Daughter of Kings

by Evermind


Chapter Eighteen: Seek For The Sword That Was Broken...

After Gandalf's departure, things worsened more than ever. The wizard's coming had been like a new dawn to a sky that has been dark overlong, which shines briefly golden before it is obscured again by dark stormclouds.

Another year passed. The war became ever fiercer upon the borders, no more petty skirmishes with scattered bands of roving orcs, but vicious battles, strategically planned by an enemy who seemed to have a great knowledge of everything that passed in the realm.

Theoden had sickened again at Gandalf's departure, and now his malady seemed worse. He seemed not to recognise Eowyn or the other women who served him, but must ever have Wormtongue at his side. Theodred and Wormtongue had come near to blows again over who should be promoted to captain of the King's guard after old Gamling had retired to his fastness in the Eastfold. Theodred for this time had overruled the worm, and Hama had been promoted to captain against Grima's wishes.

One night in early July Eowyn had woken, troubled by a strange dream. it had seemed to her that she saw a young man, pale with dark hair and deep, penetrating blue eyes. He wore the tree of Gondor blazoned upon his surcoat, and he stood high upon white walls that Eowyn guessed to be those of Minas Tirith. The young man looked up at the moon curved like a silver bow, and his face was troubled. His hand played about the hilt of a great sword, and he whispered words that Eowyn could not hear. Then the dream had changed, and she had seen the man again looking up at one upon a bay horse. This other was so like to the first man that Eowyn guessed that they must be near kindred, although the rider was broader across the shoulders, and looked to be the elder of the two. The man on the horse smiled sadly, and it seemed to Eowyn that she heard his voice. 'Remember today, little brother.' Then he had turned and ridden away, and his brother watched him go, his eyes dark and unfathomable. Then there had been a noise of wind and a great rain storming from the east. The sound of hooves galloping, and Eowyn had woken in the quiet darkness of her own chamber breathless and terrified by some unmistakable knowledge of doom.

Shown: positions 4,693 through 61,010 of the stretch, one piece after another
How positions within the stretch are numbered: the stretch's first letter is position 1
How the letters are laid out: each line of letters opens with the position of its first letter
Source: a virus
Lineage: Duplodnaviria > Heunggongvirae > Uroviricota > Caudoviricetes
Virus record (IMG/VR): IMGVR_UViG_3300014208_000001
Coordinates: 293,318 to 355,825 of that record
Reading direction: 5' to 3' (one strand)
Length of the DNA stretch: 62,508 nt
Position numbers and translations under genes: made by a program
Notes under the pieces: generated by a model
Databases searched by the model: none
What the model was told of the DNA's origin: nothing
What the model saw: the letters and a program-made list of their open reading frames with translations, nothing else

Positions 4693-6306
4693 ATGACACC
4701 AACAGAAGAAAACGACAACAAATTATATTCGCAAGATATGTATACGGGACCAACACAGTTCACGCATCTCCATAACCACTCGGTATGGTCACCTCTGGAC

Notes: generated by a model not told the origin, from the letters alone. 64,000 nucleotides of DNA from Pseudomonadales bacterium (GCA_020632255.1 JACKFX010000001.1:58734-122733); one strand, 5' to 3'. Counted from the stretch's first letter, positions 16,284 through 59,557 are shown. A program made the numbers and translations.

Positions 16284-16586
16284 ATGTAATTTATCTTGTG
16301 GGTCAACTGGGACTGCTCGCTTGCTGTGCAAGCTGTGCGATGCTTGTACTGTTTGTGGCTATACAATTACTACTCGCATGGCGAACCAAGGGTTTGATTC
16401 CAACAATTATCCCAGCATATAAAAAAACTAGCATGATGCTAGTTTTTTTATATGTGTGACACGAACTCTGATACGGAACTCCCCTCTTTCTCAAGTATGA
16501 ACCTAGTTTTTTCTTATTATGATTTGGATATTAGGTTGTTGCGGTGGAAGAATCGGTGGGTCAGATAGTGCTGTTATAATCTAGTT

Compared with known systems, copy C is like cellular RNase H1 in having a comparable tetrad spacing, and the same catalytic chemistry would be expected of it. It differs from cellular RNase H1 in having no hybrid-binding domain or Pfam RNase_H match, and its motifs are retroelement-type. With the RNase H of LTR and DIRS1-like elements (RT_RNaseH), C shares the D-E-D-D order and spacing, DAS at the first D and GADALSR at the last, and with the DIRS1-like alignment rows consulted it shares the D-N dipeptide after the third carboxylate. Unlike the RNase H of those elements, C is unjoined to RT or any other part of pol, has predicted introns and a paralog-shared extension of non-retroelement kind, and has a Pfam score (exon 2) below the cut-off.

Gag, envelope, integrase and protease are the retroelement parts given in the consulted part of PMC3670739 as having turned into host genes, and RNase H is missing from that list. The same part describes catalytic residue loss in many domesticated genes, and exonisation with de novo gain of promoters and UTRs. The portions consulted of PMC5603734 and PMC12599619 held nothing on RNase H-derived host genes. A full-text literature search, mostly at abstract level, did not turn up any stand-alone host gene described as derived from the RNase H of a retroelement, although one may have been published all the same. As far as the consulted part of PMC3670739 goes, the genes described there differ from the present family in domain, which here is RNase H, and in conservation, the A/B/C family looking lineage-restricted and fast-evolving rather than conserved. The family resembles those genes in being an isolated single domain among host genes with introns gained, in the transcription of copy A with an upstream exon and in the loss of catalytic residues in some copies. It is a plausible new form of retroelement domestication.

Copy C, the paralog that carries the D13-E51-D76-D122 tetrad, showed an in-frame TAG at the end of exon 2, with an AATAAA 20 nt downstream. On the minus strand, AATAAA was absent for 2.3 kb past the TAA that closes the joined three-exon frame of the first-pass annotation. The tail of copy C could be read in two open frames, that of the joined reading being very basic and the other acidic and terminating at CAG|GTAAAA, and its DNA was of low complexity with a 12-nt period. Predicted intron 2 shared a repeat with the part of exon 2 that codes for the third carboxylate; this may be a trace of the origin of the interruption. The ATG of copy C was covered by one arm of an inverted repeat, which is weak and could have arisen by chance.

It was but three days later that Eomer returned, riding as escort to a tall dark man upon a bay horse: Boromir, eldest son of Denethor the steward of Gondor.

As Boromir sat at the King's board that night, he told the tale of his journey. Eowyn was fascinated by the tall man, swift and sure as the sons of Eorl, and quite unlike to any man of Gondor she had met before. He was darkly handsome, and Eowyn could tell merely from the way he moved that he was an expert soldier. His eyes were grey-blue and a ready smile played about his mouth. Noble he was, courageous and proud, and Eowyn found herself drawn to him, sensing in him a brother in arms, a kindred spirit.

"...A dream came to my brother in a troubled sleep..." Boromir was saying, and Eowyn shivered, remembering her own dream.

"...ever and anon that dream would come to him, and once, it came even unto me. In that dream, it seemed to me that the eastern sky grew dark, but a pale light lingered in the west. It seemed that I heard a voice, though whence it came I could not tell. A riddle the voice told me and nothing more, yet I awoke to a great dread and unquiet." Boromir fell silent, and his face was troubled.

"What was the riddle?" Eomer asked, his eyes curious and lit with a strange light.

When Boromir spoke it was in a voice quite unlike his own, and he chanted the lines softly to the darkened hall:

"Seek for the sword that was broken, In Imladris it dwells.
There shall be counsels taken, stronger than Morgul spells.
There shall be shown a token that doom is near at hand,
For Isildur's bane shall waken, the halfling forth shall stand."

A hush had fallen over the table. The red light of the fire flickered on the tapestried walls and shone upon Boromir's face with a strange fateful light. There was silence.

"Seek for the sword that was broken..." Eowyn whispered. She did not understand the words, but they stirred in her some strange half-memory of one whom she had never met, yet seemed to know as intimately as she knew herself. She could not have worded it this way, even to herself, but the words spoke to her of courage and great deeds of a long forgotten hope.

"And where is Imladris?" she wondered

Boromir turned as if seeing her for the first time. "My father would tell me only this," he replied, his eyes matching her own. "Imladris was of old the name of the valley that is called Rivendell, the home of Elrond half-elven, a master in lore. What the sword that was broken may be, I do not know, nor the meaning of the words Isildur's bane.But it is the answer to this that I seek."

The company was silent again, pondering the words of the Steward's heir. Eowyn's eyes rested upon Grima the Wormtongue, and the look on his face was that of one who has finally found a key that they have long sought.